Data visualization best practices

Again: the decisions you’re making in terms of data visualization need to be in support  of a larger narrative or compelling idea.

To put it another way, don’t use tools like infographics because a study showed you that they’re more likely to get shared on social media. Use an infographic because it’s the best way to get across the point you’re trying to make in the first place.

If there’s a particular story that you’re trying to tell – like if you’re trying to pull back the curtain and let people in on the research and development process of your product or service – use data visualization because you have to and not because you think you need to.

Play it through in your head. You could write a 1,000 word blog post about all the decisions you made, the money you spent, the mistakes you had to work around, etc. Or you could use infographic resources to take all of that same data and present it in a much more simplistic, visual way.

You’ve thought out both techniques and have determined that data visualization is the right way to get across the right message to the right people at the right time. Only then should you pull the trigger and actually craft the type of content you need to support that message.

There truly is no “silver bullet” when it comes to marketing – only a series of tools used in support of your goals. Depending on the goal (and the audience you need to activate in order to reach it), data visualization may not  necessarily be the best way at all times. But when it is, it can help you craft something powerful.

In many ways, the single most important data visualization “best practice” is the acknowledgement that it is only a means to an end, the same as anything else. It is not the end in and of itself.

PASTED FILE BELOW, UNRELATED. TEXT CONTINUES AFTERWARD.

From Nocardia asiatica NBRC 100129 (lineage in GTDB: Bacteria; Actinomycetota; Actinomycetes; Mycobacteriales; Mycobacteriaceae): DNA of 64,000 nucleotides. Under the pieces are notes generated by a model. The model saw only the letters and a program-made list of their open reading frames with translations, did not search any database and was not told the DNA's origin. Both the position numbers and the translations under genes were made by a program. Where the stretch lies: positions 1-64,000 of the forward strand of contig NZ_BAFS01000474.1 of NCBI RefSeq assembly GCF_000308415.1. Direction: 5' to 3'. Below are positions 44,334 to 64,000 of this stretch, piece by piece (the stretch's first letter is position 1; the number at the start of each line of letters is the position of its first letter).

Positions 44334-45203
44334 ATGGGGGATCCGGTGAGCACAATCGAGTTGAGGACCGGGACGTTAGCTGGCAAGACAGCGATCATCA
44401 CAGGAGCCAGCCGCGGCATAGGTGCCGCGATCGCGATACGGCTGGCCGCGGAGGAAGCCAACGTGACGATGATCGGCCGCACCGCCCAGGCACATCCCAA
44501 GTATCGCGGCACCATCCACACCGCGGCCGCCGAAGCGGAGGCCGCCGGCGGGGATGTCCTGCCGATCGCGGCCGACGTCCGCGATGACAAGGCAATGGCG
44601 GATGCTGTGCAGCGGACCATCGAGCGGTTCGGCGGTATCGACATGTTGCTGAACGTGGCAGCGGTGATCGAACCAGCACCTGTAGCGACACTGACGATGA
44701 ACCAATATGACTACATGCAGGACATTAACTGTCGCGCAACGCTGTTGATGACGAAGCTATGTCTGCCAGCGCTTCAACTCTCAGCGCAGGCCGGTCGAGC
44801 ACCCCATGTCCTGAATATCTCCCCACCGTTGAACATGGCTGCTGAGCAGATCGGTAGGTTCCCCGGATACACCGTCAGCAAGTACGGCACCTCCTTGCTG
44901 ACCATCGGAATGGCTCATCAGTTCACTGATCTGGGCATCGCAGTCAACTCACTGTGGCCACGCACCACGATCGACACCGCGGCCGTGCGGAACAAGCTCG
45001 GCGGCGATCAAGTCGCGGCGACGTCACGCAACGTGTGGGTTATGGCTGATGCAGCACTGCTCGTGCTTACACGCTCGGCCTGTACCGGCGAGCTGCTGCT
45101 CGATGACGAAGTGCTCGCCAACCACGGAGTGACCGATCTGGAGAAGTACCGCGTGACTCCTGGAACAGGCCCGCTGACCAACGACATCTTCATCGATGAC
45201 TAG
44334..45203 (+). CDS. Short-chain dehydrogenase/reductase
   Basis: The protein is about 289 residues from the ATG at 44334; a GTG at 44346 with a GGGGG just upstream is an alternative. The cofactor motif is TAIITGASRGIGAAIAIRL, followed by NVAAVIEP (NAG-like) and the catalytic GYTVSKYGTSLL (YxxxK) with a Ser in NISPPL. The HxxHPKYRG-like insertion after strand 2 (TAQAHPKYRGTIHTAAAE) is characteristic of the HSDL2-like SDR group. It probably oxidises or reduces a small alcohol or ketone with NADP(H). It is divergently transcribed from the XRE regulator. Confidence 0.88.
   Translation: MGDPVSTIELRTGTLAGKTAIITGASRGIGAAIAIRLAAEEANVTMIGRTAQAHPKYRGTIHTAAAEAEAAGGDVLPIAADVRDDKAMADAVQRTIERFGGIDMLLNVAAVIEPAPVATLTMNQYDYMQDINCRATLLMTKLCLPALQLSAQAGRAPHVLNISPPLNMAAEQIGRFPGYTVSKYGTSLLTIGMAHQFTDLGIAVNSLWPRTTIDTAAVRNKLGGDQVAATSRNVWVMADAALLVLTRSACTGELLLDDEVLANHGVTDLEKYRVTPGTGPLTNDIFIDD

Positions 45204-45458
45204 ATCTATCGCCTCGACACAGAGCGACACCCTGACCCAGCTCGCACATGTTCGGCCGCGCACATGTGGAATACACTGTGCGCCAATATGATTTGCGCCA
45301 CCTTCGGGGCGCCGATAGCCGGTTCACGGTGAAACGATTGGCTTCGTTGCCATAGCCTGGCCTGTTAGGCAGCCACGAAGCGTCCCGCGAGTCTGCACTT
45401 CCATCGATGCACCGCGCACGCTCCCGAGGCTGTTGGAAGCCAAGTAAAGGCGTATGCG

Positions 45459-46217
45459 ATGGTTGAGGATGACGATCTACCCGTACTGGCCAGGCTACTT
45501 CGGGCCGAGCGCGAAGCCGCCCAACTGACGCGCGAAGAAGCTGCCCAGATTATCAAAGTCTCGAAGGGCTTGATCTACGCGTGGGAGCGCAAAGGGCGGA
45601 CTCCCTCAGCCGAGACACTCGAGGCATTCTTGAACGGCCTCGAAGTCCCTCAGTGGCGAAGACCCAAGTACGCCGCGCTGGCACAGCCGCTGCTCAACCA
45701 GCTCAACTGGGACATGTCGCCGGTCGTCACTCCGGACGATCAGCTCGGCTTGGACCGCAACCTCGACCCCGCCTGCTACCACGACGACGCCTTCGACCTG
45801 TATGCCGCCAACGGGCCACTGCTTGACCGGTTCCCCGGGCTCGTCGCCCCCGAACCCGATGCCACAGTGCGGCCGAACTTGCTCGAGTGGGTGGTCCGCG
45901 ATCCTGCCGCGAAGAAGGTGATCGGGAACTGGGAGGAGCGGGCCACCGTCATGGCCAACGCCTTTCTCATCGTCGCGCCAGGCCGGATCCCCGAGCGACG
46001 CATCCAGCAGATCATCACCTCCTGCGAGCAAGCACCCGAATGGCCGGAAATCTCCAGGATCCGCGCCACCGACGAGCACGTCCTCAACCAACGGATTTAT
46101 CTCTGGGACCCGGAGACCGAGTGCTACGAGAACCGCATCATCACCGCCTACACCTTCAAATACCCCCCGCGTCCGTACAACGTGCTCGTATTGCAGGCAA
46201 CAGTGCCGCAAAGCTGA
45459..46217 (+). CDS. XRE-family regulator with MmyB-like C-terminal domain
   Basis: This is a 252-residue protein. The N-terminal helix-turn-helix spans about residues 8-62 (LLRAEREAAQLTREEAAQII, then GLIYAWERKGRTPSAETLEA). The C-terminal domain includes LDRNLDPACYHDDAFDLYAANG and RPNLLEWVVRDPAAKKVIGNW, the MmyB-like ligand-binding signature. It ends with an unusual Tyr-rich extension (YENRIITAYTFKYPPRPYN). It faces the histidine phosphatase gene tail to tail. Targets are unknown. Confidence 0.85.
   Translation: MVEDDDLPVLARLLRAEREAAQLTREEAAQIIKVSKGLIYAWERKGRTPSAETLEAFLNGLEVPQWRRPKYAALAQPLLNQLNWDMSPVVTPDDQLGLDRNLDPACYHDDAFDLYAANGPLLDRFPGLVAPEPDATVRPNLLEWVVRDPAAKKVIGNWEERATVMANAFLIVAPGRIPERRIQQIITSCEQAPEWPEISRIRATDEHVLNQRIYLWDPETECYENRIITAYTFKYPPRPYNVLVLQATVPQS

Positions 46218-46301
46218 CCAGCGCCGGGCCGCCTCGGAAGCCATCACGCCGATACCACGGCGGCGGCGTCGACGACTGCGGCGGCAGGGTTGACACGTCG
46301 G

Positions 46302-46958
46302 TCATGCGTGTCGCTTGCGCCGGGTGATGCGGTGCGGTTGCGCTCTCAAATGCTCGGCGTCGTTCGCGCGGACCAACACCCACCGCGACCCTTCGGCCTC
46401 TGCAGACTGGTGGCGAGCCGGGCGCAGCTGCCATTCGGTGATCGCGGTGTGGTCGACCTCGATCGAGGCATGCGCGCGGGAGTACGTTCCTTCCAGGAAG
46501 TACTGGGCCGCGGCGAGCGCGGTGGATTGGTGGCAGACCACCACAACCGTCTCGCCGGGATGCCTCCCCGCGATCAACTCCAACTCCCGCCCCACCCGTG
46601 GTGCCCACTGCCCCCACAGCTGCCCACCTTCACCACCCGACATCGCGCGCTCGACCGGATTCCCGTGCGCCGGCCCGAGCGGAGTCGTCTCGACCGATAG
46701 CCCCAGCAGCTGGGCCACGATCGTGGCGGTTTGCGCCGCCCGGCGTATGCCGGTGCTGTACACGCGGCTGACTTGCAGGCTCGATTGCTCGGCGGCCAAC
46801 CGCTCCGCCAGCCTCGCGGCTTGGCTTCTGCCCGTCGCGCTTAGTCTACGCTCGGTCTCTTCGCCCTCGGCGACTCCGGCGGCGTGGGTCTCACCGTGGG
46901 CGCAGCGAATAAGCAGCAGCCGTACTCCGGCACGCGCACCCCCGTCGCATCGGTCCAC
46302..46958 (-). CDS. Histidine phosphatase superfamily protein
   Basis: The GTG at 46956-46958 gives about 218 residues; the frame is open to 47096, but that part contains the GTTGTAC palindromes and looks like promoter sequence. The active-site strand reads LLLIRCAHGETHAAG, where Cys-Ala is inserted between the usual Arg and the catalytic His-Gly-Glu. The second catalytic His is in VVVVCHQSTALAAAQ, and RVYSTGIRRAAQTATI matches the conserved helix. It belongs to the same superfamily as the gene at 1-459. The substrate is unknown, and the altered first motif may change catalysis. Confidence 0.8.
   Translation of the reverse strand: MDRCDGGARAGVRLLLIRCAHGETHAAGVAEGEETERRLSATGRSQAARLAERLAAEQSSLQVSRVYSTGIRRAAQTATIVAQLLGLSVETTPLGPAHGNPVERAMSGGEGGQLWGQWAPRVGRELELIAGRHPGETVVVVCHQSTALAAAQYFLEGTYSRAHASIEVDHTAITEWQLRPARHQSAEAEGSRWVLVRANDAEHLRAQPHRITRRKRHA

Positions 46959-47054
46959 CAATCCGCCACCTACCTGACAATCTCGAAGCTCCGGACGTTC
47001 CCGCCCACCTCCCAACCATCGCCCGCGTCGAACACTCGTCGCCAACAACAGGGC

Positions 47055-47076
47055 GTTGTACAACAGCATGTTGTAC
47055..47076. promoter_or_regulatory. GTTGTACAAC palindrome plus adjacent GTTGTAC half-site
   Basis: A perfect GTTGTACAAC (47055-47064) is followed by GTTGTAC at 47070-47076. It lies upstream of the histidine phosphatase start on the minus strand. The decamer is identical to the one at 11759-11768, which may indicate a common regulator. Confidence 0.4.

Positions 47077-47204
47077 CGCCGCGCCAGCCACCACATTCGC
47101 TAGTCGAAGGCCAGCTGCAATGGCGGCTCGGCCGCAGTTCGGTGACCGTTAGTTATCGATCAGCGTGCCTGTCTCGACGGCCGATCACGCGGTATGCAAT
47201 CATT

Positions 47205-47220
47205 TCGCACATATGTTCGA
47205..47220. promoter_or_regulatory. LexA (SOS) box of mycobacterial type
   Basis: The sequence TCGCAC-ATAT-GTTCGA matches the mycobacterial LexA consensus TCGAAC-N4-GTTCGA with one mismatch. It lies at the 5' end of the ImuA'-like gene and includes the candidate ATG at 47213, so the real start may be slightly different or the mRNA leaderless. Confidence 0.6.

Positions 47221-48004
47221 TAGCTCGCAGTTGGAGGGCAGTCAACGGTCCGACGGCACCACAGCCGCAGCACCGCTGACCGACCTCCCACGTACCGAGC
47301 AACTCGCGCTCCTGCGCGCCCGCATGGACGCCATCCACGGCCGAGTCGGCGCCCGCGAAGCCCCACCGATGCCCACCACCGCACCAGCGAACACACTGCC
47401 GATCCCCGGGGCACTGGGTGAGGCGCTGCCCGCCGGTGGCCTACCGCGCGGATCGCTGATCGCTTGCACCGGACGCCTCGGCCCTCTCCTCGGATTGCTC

The power of data visualization

Data visualization is a powerful weapon in terms of crafting compelling, modern day marketing campaigns – or at least, it can be. It’s very possible to use a weapon incorrectly and if you do, the damage you inflict will be directed inward.

By understanding more about why data visualization is so compelling and taking the time to learn about its strengths and weaknesses, you’ll put yourself in the best possible position to use it properly.

Never forget the simple fact that data visualization is not designed to replace the true message at the heart of your marketing. The numbers you’re visualizing are not the story you’re telling, regardless of how pretty or visually interesting they may be.

Data visualization is used to strengthen and support that underlying message. If you’re able to keep your eye on this one simple prize, rest assured – you will go far.

More on this topic:

Data visualization and discovery

Payman Taei

About Payman Taei

Payman Taei is the founder of Visme, an easy-to-use online tool to create engaging presentations, infographics, and other forms of visual content. He is also the founder of HindSite Interactive, an award-winning Maryland based digital agency specializing in website design, user experience and web app development.